FF_Canuck





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PostPosted: Sun May 18, 2008 11:49 pm    Post subject: Reply with quote

Craig wrote:
It makes people feel more important than they are. Makes them feel special. Perhaps they are compensating for failing to live up to their own expectations in life.


Yes, I think this part of it, too. Whittle suggested this in his essay:

Bill Whittle wrote:
But if I didn't have that sense of identity rooted in my own small achievements, I wonder how likely it would have been for me to grab onto that sense of sudden empowerment, of being an initiate in some arcane club of hidden wisdom. I wonder what might have happened to me if being the Holder of Secret Knowledge had been my only source of self-esteem; the one redeeming landmark in a life of isolation and failure. Indeed, I wonder what power such a worldview would have over me if I could believe that behind the scenes lurked vast and unknowable dark forces -- forces that could topple a president and perhaps even explain why a person of my deep, vast and bountiful talents was not doing a whole lot better in life...

...I'll tell you something. These conspiracy theorists that ignore that miserable, pathetic, self-aggrandizing egomaniac named Lee Harvey Oswald, or glorify him as a patsy and a hero, do so because deep down inside they realize something unpleasant about Lee Harvey Oswald and themselves.

They are Oswald.
Mac





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PostPosted: Sun May 18, 2008 11:59 pm    Post subject: Reply with quote

Great article, FF_Canuck!! I enjoyed that immensely.

-Mac

ps: Oops!! Apparently FF_Canuck and I had the same notion... and he got there first!
Bleatmop





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PostPosted: Mon May 19, 2008 1:29 pm    Post subject: Reply with quote

Excellent article. I shall send it to my friend who is teetering on the edge of becoming a Troother. I fully expect him to reject all the idea's within immediately, but I hope it plants a seed.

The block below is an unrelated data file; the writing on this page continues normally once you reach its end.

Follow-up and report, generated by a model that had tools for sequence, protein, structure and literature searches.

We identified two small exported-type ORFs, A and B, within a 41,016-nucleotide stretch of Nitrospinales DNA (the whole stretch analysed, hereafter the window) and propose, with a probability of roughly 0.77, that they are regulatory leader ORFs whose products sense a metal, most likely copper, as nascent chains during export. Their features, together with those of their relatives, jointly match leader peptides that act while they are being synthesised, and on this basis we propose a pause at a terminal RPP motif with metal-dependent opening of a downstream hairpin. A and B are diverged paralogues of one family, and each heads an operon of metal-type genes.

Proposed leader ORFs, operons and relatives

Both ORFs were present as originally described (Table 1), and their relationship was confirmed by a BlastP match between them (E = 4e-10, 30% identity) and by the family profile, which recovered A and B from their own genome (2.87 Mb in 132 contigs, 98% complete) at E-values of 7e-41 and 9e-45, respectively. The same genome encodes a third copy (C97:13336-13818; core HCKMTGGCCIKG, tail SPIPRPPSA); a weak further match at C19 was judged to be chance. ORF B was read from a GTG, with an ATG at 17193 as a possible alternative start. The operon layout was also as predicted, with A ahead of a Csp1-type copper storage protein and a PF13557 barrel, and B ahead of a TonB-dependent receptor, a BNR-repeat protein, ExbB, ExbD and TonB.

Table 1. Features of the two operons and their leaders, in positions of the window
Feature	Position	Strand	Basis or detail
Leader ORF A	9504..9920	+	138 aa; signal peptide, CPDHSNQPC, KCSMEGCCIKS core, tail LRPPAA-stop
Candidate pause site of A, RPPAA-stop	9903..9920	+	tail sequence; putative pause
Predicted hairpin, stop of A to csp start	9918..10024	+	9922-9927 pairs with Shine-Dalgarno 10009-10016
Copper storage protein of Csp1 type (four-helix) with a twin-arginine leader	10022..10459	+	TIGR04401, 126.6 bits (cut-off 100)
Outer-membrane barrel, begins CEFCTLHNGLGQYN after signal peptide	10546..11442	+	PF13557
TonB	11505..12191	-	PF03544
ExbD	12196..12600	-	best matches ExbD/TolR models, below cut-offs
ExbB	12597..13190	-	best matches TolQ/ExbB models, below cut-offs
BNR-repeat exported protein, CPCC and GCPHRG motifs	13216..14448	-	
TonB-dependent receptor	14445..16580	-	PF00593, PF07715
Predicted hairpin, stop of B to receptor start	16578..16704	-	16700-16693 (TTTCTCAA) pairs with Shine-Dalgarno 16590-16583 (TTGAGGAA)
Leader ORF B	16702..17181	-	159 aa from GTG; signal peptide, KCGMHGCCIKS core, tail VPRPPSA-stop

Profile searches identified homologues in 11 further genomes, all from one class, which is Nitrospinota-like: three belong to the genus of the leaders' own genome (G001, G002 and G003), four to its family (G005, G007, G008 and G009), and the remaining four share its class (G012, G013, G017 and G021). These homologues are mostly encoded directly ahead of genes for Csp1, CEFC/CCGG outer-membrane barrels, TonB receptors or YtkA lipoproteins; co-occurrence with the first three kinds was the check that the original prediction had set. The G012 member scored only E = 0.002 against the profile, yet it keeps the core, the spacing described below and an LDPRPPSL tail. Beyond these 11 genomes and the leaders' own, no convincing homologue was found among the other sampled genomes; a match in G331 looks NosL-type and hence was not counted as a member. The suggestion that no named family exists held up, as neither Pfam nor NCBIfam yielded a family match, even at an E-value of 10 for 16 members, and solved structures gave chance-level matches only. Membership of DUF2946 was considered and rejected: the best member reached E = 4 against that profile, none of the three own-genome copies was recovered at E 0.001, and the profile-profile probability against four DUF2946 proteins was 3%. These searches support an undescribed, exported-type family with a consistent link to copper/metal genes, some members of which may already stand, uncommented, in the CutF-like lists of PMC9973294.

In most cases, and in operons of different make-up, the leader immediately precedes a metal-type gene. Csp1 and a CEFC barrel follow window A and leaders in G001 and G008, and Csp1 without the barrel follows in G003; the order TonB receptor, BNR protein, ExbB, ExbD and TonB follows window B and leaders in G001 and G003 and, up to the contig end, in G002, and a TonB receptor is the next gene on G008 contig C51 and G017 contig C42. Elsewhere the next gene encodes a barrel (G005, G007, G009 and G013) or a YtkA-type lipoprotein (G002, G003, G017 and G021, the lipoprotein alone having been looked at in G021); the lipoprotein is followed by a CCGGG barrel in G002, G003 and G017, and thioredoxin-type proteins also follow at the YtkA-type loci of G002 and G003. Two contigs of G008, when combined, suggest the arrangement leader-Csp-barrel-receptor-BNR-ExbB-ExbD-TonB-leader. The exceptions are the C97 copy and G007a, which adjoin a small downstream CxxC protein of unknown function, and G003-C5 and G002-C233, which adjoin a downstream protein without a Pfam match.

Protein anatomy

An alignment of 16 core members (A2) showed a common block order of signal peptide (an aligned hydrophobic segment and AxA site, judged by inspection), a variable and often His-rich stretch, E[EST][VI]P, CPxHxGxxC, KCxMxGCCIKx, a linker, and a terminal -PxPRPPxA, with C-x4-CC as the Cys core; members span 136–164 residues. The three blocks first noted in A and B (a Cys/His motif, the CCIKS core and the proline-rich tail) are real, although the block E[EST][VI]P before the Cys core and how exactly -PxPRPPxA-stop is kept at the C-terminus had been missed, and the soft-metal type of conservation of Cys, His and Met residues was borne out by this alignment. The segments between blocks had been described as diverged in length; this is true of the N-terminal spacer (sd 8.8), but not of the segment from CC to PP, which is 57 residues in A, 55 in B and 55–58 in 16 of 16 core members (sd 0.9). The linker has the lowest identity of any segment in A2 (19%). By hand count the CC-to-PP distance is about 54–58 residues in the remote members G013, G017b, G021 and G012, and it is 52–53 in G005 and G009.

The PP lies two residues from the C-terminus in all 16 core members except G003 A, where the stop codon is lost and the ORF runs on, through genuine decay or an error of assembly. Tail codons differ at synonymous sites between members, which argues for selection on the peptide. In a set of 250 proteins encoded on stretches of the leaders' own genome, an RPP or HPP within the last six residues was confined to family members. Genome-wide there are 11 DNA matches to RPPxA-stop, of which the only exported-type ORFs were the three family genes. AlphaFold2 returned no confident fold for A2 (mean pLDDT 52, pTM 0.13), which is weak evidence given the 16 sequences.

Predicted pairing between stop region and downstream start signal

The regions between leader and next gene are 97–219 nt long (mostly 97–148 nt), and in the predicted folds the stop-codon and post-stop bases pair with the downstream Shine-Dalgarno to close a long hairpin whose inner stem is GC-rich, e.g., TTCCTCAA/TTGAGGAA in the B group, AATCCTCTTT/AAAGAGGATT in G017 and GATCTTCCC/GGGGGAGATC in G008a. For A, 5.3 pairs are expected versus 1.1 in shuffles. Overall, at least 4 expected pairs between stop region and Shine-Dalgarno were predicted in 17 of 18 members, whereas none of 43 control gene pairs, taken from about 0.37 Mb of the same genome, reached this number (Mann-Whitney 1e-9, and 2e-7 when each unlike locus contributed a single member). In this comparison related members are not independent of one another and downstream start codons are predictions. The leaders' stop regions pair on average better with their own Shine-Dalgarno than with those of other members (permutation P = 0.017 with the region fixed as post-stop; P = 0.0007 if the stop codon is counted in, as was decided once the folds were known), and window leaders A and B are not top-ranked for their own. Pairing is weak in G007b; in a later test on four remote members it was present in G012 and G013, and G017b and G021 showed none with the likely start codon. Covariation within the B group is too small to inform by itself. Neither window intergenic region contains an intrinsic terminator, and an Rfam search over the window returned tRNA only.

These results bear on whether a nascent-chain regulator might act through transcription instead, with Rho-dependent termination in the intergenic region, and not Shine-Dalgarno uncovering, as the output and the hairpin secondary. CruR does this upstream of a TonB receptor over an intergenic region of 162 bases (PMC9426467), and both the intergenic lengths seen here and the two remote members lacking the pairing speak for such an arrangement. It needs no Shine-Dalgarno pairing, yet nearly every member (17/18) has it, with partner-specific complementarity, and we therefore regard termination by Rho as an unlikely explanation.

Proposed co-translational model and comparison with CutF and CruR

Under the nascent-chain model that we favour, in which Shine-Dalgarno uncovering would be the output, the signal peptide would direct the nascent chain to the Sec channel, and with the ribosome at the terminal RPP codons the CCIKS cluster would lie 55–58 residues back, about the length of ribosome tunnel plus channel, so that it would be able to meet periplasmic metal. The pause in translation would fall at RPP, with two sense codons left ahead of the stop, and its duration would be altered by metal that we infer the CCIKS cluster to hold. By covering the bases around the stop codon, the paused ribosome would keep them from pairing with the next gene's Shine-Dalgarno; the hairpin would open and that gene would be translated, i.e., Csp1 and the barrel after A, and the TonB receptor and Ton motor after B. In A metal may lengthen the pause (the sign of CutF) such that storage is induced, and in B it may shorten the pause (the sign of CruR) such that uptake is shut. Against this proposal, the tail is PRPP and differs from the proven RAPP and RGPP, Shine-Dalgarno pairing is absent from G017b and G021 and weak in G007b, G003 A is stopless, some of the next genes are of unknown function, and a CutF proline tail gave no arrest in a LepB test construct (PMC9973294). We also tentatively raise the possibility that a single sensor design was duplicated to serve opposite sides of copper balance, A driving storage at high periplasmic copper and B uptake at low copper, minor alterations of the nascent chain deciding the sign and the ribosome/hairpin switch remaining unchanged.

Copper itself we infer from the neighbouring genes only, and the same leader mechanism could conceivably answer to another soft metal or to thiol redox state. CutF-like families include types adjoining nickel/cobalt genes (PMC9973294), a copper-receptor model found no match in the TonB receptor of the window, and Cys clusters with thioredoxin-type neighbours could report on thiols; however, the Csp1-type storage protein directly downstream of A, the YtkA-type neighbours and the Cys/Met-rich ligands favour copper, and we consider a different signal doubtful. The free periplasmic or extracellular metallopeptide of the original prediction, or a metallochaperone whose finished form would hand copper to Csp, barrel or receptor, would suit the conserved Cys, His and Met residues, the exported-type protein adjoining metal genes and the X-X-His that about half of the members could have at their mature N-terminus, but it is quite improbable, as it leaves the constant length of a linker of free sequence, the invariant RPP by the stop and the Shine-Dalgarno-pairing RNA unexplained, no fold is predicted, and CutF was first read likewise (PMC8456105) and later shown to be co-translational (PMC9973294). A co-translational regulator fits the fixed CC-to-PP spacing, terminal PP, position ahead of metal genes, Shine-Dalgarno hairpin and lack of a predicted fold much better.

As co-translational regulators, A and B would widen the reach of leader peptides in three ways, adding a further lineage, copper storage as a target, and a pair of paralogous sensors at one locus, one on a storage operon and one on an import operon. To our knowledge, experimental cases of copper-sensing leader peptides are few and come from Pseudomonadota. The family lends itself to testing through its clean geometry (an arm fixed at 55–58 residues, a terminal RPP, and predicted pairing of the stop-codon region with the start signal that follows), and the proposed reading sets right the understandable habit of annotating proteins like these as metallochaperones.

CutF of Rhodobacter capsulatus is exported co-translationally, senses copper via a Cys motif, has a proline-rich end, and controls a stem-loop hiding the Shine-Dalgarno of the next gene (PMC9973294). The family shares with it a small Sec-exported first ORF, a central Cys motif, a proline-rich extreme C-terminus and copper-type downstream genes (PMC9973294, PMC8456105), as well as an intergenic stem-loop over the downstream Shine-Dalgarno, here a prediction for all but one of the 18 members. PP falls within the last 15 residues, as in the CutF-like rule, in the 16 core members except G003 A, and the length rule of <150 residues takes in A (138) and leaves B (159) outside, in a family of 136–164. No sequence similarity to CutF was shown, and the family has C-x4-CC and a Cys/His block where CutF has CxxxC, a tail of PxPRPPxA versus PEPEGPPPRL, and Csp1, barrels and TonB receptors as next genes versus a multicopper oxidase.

mrsocko





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PostPosted: Mon May 19, 2008 1:41 pm    Post subject: Reply with quote

It all started with JFK didn't it. The U.S. government took a look at the findings of the Warren Commission and found(thanks to new evidence) that JFK was probably killed due to a conspiracy.
from wiki:
Quote:
The House Select Commitee on Assanitions(1978) involved Congressional hearings and ultimately concluded that Oswald assassinated Kennedy, probably as the result of a conspiracy. Their conclusion was based, in part, on acoustic evidence.


This plus the other 2 (Bobby and Martin) happening so close to each other caused Americans to be rightfully suspicious. Conspiracy theory has gotten out of hand but the root cause was very suspicous.
Mac





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PostPosted: Mon May 19, 2008 3:11 pm    Post subject: Reply with quote

This kind of nonsense pre-existed the JFK assassination. I'll bet it can be traced back to the founding of widely accessible media... likely even further back...

Take, for instance, the panicked aftermath from the 1938 radio broadcast of H. G. Wells "The War of the Worlds" or the Roswell UFO incident of 1947, not to mention the infamous Area 51. All of these incidents took place years, if not decades, before the JFK assassination.